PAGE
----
Corn producers rushed to finish planting — or replanting — as much as sunny weather has allowed so far in May.
Erick Larson, grains specialist with the Mississippi State University Extension Service, said spring rains complicated conditions, keeping planters out of fields during much of April and contributing to many more establishment issues than normal.
“Corn planted in late March and early April suffered as heavy and persistent rains hit the first weekend in April,” Larson said. “The cool soil temperatures slowed emergence and made the young crop even more vulnerable.”
Larson said corn seedlings are vulnerable to prolonged saturated conditions that limit aerobic activity. A long duration of anaerobic conditions will be harder on plants than the total amount of rainfall.
“When rains persist over a four-day period, aeration problems are likely, particularly on heavy soils, flat-planted fields and deep-planted corn seed,” he said. “These adverse conditions caused seedling mortality or stunted seedling development, leading to growth disparity.”
Larson said research has shown that replanting partial stands or weak spots is counterproductive.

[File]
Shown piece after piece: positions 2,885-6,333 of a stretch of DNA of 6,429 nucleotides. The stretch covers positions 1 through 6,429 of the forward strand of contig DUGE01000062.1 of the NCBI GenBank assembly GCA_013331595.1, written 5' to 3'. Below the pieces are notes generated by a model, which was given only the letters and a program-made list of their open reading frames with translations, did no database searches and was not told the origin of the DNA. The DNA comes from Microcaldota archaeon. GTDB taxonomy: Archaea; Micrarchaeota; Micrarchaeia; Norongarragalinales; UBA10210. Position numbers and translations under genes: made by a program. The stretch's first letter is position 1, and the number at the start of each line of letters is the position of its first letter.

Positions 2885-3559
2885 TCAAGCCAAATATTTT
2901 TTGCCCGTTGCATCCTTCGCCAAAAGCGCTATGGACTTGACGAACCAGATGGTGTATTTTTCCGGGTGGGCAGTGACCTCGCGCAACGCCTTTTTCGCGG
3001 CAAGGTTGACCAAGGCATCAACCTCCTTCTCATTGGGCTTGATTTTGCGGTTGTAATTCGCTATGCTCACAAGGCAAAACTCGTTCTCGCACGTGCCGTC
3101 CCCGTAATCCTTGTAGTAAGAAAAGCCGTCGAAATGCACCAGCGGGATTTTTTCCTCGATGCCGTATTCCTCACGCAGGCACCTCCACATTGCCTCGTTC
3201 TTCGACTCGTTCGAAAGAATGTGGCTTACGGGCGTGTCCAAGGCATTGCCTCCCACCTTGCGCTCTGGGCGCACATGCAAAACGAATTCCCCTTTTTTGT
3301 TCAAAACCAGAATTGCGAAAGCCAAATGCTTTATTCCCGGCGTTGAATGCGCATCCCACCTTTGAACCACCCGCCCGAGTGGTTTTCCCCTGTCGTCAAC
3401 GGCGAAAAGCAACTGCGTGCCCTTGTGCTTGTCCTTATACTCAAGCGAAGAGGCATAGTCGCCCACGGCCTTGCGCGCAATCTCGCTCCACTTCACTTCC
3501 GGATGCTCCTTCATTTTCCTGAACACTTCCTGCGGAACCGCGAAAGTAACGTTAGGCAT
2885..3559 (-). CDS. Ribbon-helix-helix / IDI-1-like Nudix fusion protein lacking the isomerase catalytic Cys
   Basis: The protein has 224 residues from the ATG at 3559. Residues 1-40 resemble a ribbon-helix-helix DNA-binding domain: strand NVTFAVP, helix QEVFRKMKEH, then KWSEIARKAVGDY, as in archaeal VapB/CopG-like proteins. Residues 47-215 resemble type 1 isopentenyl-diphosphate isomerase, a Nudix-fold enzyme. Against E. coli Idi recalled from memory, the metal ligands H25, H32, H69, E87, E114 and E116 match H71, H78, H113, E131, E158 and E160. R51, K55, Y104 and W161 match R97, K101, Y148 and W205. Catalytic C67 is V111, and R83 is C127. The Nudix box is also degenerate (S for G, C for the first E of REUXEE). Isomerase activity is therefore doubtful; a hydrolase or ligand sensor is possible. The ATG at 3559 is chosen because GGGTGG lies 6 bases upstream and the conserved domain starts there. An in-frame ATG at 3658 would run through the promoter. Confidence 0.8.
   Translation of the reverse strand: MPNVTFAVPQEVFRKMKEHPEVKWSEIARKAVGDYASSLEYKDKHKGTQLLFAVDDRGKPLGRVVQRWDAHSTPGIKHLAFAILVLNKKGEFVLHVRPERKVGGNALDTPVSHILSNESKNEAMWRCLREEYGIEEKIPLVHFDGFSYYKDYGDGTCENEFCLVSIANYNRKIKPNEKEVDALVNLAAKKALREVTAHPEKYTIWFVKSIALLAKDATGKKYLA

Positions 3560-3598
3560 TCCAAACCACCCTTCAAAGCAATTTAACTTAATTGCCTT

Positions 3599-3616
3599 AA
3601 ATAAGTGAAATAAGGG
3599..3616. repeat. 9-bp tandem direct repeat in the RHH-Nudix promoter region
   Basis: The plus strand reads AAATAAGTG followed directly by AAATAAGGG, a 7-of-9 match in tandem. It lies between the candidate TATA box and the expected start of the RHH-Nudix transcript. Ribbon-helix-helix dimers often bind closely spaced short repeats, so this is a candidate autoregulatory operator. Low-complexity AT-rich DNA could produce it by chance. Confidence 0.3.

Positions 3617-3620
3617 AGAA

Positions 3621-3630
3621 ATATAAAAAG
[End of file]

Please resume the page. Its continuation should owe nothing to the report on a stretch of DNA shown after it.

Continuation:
“Corn emergence uniformity is important to high productivity,” he said. “Corn plants that emerge later than others are less productive and lag in growth throughout the season. That creates disproportionate competition between plants for resources, which reduces yield potential.”
Similar rules apply to replanting.
“It is absolutely imperative to destroy the remaining live corn plants with either tillage or herbicides before you replant an unacceptable stand,” Larson said.
Lowndes County grower Tony Dantzler said he has weighed the decisions about replanting corn carefully. Out of about 1,400 acres, he has replanted all but 120.
“It has helped to have the options researched and available through the Extension Service to help make decisions this year,” Dantzler said. “I’ve never had this much replanting in more than 22 years of farming.”
Dantzler said the good news was that time allowed for the replanting.
“Corn still seems more profitable than soybeans, and that is why we are taking a chance with later plantings,” he said.
Larson said corn may face an uphill battle, but if weather conditions will cooperate, fields still have the potential for favorable yields.
“For many of the corn growers, the recent four-day rain event (preceding Mother’s Day) should not be as detrimental on the late plantings as the rains earlier in the spring,” Larson said. “Warmer temperatures helped the seed germinate and emerge quicker. In general, recent plantings have successfully emerged, unless exposed to prolonged flooding.”
While 92% of the corn is planted, the majority — 66% — is in fair, poor or very poor condition, according to the Mississippi Crop Progress and Condition report released May 13.